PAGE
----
Dear EarthTalk: Is it true that the DEET used in most mosquito repellents is toxic? If so what problems does it cause? And what are some non-toxic alternatives for keeping mosquitoes at bay? – Tom Pollack, Oakland, CA
DEET is commonly known as the king of mosquito repellents, though not everyone is keen to slather it on their skin. A study conducted in the late 1980s on Everglades National Park employees to determine the effects of DEET found that a full one-quarter of the subjects studied experienced negative health effects that they blamed on exposure to the chemical. Effects included rashes, skin irritation, numb or burning lips, nausea, headaches, dizziness and difficulty concentrating.
Duke University pharmacologist Mohamed Abou-Donia, in studies on rats, found that frequent and prolonged DEET exposure led to diffuse brain cell death and behavioral changes, and concluded that humans should stay away from products containing it. But other studies have shown that while a few people have sensitivity to DEET applications, most are unaffected when they use DEET products on a sporadic basis according to the instructions on the label.
The upside of DEET is that it is very effective. A 2002 study published in the New England Journal of Medicine found that DEET-based repellents provided the most complete and longest lasting protection against mosquitoes. Researchers found that a formulation containing 23.8 percent DEET completely protected study participants for upwards of 300 minutes, while a soybean-oil-based product only worked for 95 minutes. The effectiveness of several other botanical-based repellents lasted less than 20 minutes.
But a number of new concentrations of botanical repellents that have hit the market since are reportedly better than ever. In 2005, the U.S. Centers for Disease Control (CDC) granted approval to two healthier alternatives to DEET-picaridin and oil of lemon eucalyptus-for protection from mosquitoes. Picaridin, long used to repel mosquitoes in other parts of the world, is now available in the U.S. under the Cutter Advanced brand name. Oil of lemon eucalyptus, which is derived from eucalyptus leaves and is the only plant-based active ingredient for insect repellents approved by the CDC, is available in several different forms, including Repel Lemon Eucalyptus, OFF! Botanicals, and Fight Bite Plant-Based Insect Repellent.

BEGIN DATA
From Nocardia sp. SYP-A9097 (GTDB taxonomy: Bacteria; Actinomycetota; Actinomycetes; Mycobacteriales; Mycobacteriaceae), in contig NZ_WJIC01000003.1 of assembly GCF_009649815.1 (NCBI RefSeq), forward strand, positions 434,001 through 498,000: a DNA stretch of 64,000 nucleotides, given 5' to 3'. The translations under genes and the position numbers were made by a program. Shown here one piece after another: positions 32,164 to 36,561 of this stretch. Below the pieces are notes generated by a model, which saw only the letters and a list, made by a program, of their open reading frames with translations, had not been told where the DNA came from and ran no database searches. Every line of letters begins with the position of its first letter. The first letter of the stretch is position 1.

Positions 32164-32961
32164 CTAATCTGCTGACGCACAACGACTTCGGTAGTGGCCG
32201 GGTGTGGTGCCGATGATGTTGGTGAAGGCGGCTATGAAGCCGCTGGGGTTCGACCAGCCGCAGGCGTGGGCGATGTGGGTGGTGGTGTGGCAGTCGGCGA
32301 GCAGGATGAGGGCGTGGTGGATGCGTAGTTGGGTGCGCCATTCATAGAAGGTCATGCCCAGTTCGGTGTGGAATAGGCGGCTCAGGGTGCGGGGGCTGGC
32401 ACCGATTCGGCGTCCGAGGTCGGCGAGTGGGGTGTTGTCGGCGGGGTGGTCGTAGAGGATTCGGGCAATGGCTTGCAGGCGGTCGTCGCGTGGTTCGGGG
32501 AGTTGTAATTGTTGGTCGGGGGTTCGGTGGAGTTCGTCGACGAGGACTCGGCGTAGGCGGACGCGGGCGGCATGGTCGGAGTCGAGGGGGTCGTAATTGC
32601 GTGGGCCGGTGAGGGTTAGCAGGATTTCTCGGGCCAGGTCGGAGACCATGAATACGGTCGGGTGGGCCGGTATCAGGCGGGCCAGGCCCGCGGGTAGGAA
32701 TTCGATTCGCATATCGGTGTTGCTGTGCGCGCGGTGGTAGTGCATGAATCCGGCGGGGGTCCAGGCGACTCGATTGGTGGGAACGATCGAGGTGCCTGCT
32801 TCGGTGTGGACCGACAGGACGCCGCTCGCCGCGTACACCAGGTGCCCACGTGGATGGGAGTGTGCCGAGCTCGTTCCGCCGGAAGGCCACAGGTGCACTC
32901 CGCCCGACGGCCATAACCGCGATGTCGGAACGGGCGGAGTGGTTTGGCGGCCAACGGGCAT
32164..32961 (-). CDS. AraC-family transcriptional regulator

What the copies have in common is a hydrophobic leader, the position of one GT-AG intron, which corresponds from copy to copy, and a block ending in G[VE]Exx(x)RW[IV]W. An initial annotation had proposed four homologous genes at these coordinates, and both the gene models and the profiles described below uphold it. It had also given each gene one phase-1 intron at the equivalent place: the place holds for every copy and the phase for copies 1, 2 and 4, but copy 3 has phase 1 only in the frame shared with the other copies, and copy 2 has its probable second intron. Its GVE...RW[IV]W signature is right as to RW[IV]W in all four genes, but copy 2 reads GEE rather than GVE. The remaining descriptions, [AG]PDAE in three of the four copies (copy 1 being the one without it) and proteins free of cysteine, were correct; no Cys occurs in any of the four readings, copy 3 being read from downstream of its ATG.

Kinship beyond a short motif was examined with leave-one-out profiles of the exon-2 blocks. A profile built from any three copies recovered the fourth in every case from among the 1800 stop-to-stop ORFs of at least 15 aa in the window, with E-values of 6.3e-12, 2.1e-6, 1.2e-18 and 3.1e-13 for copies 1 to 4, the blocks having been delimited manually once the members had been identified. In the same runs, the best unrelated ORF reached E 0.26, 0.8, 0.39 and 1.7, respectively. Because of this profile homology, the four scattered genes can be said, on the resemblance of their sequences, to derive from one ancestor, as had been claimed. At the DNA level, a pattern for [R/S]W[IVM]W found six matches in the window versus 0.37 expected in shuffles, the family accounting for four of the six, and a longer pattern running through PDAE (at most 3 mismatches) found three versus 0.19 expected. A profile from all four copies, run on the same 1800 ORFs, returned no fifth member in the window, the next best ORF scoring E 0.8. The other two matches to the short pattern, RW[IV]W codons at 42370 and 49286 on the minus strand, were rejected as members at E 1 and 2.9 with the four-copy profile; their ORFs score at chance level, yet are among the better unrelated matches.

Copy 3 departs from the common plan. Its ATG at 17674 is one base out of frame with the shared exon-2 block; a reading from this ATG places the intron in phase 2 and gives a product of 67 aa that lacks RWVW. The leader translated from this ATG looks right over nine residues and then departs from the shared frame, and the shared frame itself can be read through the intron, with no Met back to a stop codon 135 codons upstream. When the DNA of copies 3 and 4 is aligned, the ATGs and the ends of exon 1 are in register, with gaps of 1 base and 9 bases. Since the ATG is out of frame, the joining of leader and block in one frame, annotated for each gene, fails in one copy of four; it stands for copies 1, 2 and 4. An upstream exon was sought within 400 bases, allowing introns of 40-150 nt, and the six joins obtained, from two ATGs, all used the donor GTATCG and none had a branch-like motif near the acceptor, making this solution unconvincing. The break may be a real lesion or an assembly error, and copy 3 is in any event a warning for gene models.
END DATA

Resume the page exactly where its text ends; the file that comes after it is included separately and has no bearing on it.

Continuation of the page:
Some other good choices, according to the nonprofit National Coalition against the Misuse of Pesticides, include products containing geraniol (MosquitoGuard or Bite Stop), citronella (Natrapel), herbal extracts (Beat It Bug Buster) or essential oils (All Terrain). The group also gives high marks to oil of lemon eucalyptus, such as that found in Repel’s Lemon Eucalyptus Insect Repellent.
Another leading nonprofit, Pesticide Action Network North America (PANNA), likes Herbal Armor, Buzz Away and Green Ban, each containing citronella and peppermint as well as various essential oils (cedar wood, lemongrass, etc.). PANNA also lauds Bite Blocker, a blend of soybeans and coconut oils that provides four to eight hours of protection and, unlike many other brands, is safe to use on kids.
CONTACTS: “Comparative Efficacy of Insect Repellents against Mosquito Bites,” http://content.nejm.org/cgi/content/full/347/1/13; National Coalition Against the Misuse of Pesticides (NCAMP), www.beyondpesticides.org; Pesticide Action Network North America, www.panna.org.